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Aphididae : Lachninae : Tramini : Protrama


Genus Protrama

Daisy root aphids

On this page: Protrama radicis

Protrama [Tramini]

Protrama are medium to large aphids. The apterae are normally alatiform, with dark dorsal cross bands. The eyes are large and the antennae are about half the body length. The hind tarsus is 0.5-0.9 times as long as the hind tibia. Siphuncular cones are present and are dark, low and hairy. The cauda is rounded.

Protrama feed on underground parts of members of the daisy family, Asteraceae, (especially thistles and wormwoods), or of the buttercup family, Ranunculaceae. Heie (2009) points out that amongst the Lachnini, members of the genera Protrama, Neotrama and Trama are the only ones that do not live on trees as their only host. He poses the questions "What was the original primary host of these species? ... Or did their ancestor conquer herbs as its only host in one step?"


Protrama radicis (thistle root aphid) Europe, South-west & Central Asia

Adult apterae of Protrama radicis are dirty-white to pale-yellow or pale brownish-green. Each segment of the dorsum has a transverse dark sclerotized bar (cf. Trama species which have no dark bars on the dorsum of the aptera). The bars may be more strongly sclerotized (see first picture below, thistle race) or rather less sclerotized (see second picture below, artichoke race). The head and appendages are dark. The antennal terminal process of Protrama radicis is 0.33-0.69 times the length of the base of the sixth antennal segment. The hind tarsus is 0.72-0.87 times the length of the hind tibia (cf. Protrama flavescens where the hind tarsus is only 0.59-0.70 times as long as the hind tibia). Siphunculi are present as pores placed on small brown cones. The body length of the adult aptera is 2.5-3.4 mm. The immatures are yellow brown with small siphuncular pores and resemble the immatures of Trama species.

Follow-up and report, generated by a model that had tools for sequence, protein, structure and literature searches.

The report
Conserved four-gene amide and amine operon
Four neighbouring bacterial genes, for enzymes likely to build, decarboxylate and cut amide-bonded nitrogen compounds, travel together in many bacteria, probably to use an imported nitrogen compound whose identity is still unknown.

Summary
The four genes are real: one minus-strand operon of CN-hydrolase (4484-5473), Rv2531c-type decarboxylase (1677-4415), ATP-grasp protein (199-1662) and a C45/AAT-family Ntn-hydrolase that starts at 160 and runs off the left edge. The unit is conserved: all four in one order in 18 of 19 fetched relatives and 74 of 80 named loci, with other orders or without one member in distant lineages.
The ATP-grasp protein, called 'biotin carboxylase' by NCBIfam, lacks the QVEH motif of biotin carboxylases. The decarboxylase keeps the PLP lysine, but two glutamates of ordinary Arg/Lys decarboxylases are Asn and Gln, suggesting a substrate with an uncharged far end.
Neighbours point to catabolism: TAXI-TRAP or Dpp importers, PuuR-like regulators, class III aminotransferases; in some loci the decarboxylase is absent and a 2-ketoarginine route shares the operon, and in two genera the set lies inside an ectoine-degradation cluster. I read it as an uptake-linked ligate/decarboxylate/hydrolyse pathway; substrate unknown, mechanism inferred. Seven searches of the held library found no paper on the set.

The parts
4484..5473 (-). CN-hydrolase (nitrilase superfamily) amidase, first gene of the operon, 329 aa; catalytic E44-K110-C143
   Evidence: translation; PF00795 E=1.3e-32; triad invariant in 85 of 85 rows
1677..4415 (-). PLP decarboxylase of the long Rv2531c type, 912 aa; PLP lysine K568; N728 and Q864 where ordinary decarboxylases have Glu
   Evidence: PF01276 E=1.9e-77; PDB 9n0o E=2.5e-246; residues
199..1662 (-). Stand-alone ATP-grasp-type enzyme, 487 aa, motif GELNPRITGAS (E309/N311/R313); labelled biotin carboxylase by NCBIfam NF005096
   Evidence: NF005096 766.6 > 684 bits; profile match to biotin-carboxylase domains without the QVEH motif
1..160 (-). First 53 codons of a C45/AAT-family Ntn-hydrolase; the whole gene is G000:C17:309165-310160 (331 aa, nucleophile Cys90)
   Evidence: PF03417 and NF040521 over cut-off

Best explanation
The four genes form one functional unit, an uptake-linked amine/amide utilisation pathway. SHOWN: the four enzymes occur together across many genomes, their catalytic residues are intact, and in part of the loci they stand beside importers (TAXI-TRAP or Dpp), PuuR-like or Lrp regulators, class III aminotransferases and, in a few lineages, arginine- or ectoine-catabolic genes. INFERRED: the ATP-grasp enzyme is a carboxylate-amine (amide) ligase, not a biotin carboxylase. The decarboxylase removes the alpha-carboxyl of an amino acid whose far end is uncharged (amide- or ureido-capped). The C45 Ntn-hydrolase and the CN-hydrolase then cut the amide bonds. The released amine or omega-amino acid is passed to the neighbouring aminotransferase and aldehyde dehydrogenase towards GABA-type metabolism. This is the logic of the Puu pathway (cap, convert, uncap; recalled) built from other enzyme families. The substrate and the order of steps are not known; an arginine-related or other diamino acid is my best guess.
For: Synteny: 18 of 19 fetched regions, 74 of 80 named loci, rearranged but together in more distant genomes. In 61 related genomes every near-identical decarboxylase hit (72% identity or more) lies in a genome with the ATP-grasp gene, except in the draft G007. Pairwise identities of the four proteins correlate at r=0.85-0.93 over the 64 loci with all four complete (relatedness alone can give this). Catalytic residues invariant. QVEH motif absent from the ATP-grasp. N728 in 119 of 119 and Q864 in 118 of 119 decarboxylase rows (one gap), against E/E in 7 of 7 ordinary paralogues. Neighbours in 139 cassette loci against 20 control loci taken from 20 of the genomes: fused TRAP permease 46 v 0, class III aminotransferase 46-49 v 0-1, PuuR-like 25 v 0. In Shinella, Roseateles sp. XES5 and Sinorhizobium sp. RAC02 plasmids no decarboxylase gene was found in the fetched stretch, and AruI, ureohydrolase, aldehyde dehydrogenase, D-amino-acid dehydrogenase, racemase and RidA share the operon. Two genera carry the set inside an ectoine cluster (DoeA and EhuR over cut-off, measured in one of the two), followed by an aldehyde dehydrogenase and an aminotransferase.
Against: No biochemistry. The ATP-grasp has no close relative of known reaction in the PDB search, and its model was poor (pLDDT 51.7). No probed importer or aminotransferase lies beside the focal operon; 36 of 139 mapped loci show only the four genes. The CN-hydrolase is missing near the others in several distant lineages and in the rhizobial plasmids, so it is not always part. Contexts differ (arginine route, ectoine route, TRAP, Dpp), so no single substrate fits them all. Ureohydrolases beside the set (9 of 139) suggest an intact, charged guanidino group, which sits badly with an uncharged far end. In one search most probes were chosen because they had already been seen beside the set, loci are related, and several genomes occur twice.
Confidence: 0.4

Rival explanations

Until now, only apterae and alatoid apterae have been described - alate Protrama radicis have been unknown. But we have recently reared alatae from a host race of Protrama radicis living on globe artichoke (see third picture above). The alate has sclerotized dorsal bars not quite reaching the marginal sclerites on most or all of the abdominal segments.

Protrama radicis lives in ant attended colonies on the roots of various Asteraceae, especially thistles (Cirsium and Carduus) but also Arctium, Centaurea, and Cynara. They feed on the roots close to the soil surface. They reproduce parthenogenetically throughout the year, and no sexual morphs have been found.



Whilst we make every effort to ensure that identifications are correct, we cannot absolutely warranty their accuracy. We have mostly made identifications from high resolution photos of living specimens, along with host plant identity. In the great majority of cases, identifications have been confirmed by microscopic examination of preserved specimens. We have used the keys and species accounts of Blackman & Eastop (1994) and Blackman & Eastop (2006) supplemented with Blackman (1974), Stroyan (1977), Stroyan (1984), Blackman & Eastop (1984), Heie (1980-1995), Dixon & Thieme (2007) and Blackman (2010). We fully acknowledge these authors as the source for the (summarized) taxonomic information we have presented. Any errors in identification or information are ours alone, and we would be very grateful for any corrections. For assistance on the terms used for aphid morphology we suggest the figure provided by Blackman & Eastop (2006).

Useful weblinks


  • Heie, O.E. (2009). Aphid mysteries not yet solved/Hemiptera:Aphidomorpha/. Monograph: Aphids and other hemipterous insects 15, 31-48.  Full text